Private Probation

Since 2001 private companies have begun overseeing misdemeanor probation, which includes not only minor crimes, such as shoplifting, petty theft and public drunkenness, but also speeding tickets and other traffic violations. This is in contrast to the traditional use of probation as an alternative sanction for minor felonies, which is overseen by a county probation department.

Hundreds of thousands of Americans are sentenced to probation with private companies every year by well over 1,000 courts across the U.S., mainly in the South. Over 1.6 million adults were on probation for misdemeanor crimes as of January 2013, and it’s unknown exactly how many of these probationers are under the supervision of private misdemeanor probation companies. In Georgia, a state of less than 10 million people, 648 courts assigned more than 250,000 cases to private probation companies in 2012. In the states and municipalities in the U.S., if a person is given a traffic ticket or other citation but cannot pay the fine immediately, they are placed on “probation.” Private probation companies then supervise, drug test, and collect court ordered fines from them.

The main companies involved in this sector are:
Providence Services Corporation, of Tucson, AZ (NASDAQ: PRSC)
Judicial Correction Services, a subsidiary of Correct Care Solutions LLC., of Nashville, TN (Private)
Sentinel Offender Services, of Lawrenceville, GA (Private)

State and local governments contract with private probation companies because the companies offer these services at no cost to governments. Instead, the companies charge the probationer for the cost of supervision, drug testing, and other services--in addition to paying off the original fines and fees.

The longer it takes people on probation to pay off the court fines and probation fees, the more fees they accumulate. Not only do these companies have the unregulated power to charge probationers’ fees, the courts rely on the companies to determine whether a person is complying with the terms of their probation.

When probationers cannot pay, courts issue warrants for their arrest and their probation terms are extended—a practice which was banned by the U.S. Supreme Court in 1983 under Bearden v. Georgia. As NPR reported, the Bearden decision held that before sending a person to jail, “a judge must first consider whether the defendant has the ability to pay but ‘willfully’ refuses.” Without specifying how judges ought to determine whether a probationer is “willfully” refusing to pay, judges end up deferring to probation officers’ recommendations. When these probation officers are employees of private probation companies, a conflict of interest exists.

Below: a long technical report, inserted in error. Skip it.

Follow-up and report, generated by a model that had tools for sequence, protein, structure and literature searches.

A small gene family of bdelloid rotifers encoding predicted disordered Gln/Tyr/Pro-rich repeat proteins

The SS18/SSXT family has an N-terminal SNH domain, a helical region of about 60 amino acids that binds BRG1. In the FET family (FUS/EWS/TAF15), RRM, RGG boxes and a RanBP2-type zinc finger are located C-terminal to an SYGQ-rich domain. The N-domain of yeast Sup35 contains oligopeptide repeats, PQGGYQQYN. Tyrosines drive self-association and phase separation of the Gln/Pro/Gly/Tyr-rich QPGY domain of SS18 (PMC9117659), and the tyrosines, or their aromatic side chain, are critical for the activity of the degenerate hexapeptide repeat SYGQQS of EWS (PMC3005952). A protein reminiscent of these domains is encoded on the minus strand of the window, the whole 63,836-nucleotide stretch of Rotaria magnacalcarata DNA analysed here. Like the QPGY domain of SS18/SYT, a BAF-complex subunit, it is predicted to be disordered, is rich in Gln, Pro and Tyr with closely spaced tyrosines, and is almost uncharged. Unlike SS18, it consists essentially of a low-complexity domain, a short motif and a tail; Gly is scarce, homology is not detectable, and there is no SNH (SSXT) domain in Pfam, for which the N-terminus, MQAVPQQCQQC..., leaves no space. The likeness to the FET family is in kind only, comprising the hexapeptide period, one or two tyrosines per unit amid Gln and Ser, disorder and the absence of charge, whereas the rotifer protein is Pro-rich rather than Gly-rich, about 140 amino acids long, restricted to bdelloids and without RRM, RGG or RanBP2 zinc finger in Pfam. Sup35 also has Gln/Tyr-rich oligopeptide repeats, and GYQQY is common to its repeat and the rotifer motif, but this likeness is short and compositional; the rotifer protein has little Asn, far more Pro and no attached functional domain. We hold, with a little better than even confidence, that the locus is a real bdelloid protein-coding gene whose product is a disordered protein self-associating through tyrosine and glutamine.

The Supreme Court of Georgia similarly declared the practice of “tolling” illegal last year, prohibiting private probation companies from asking judges to issue toll warrants to extend probation sentences when probationers cannot pay the fees they owe or if they simply cannot be reached. Private probation companies in Georgia can therefore no longer rely on probationers to make money.

Human Rights Watch and other advocacy and legal organizations have argued that this combined authority creates a financial incentive for the companies to prolong individuals’ probation time in order to continue profiting from the monthly and other fees.

These contracts between private probation companies and government entities are framed by the companies as saving taxpayer money that would otherwise be spent on government-employed probation officers. But the practice has been criticized by civil rights advocates for preying on the poor and ushering in a new era of “debtor’s prisons”.

The Private Misdemeanor Probation industry relies heavily on the Supervision and Surveillance industry, because devices produced by the latter are used to monitor, track, and test probationers.

There have been seven federal lawsuits filed against private companies overseeing misdemeanor probationers. The most recent federal lawsuit, filed in September 2015 against Providence Community Corrections in Tennessee, claims that “the company even refused to let destitute probationers complete their required community service hours without first paying a community service fee, the plaintiffs say".

Existing Campaigns

  • Brave New Films created a documentary about the private probation industry and has a petition demanding that counties and other government officials stop giving courts a green light to place people on probation under the control of private companies, arguing that if people can’t pay, they go to jail and taxpayers will end up footing the bill for this imprisonment.
  • The Southern Center for Human Rights has multiple active lawsuits against private probation companies in the south, arguing that the privatization of misdemeanor probation has allowed for-profit companies to act essentially as collection agencies with law enforcement authority.
  • Equal Justice Under Law, a non-profit civil rights organization, has been conducting extensive investigations into the rise of modern-day debtors prisons. Most recently in September 2015, the organization filed a lawsuit against Providence, one of the companies we have targeted for divestment.

Among the companies listed here, we recommend these 1 for divestment.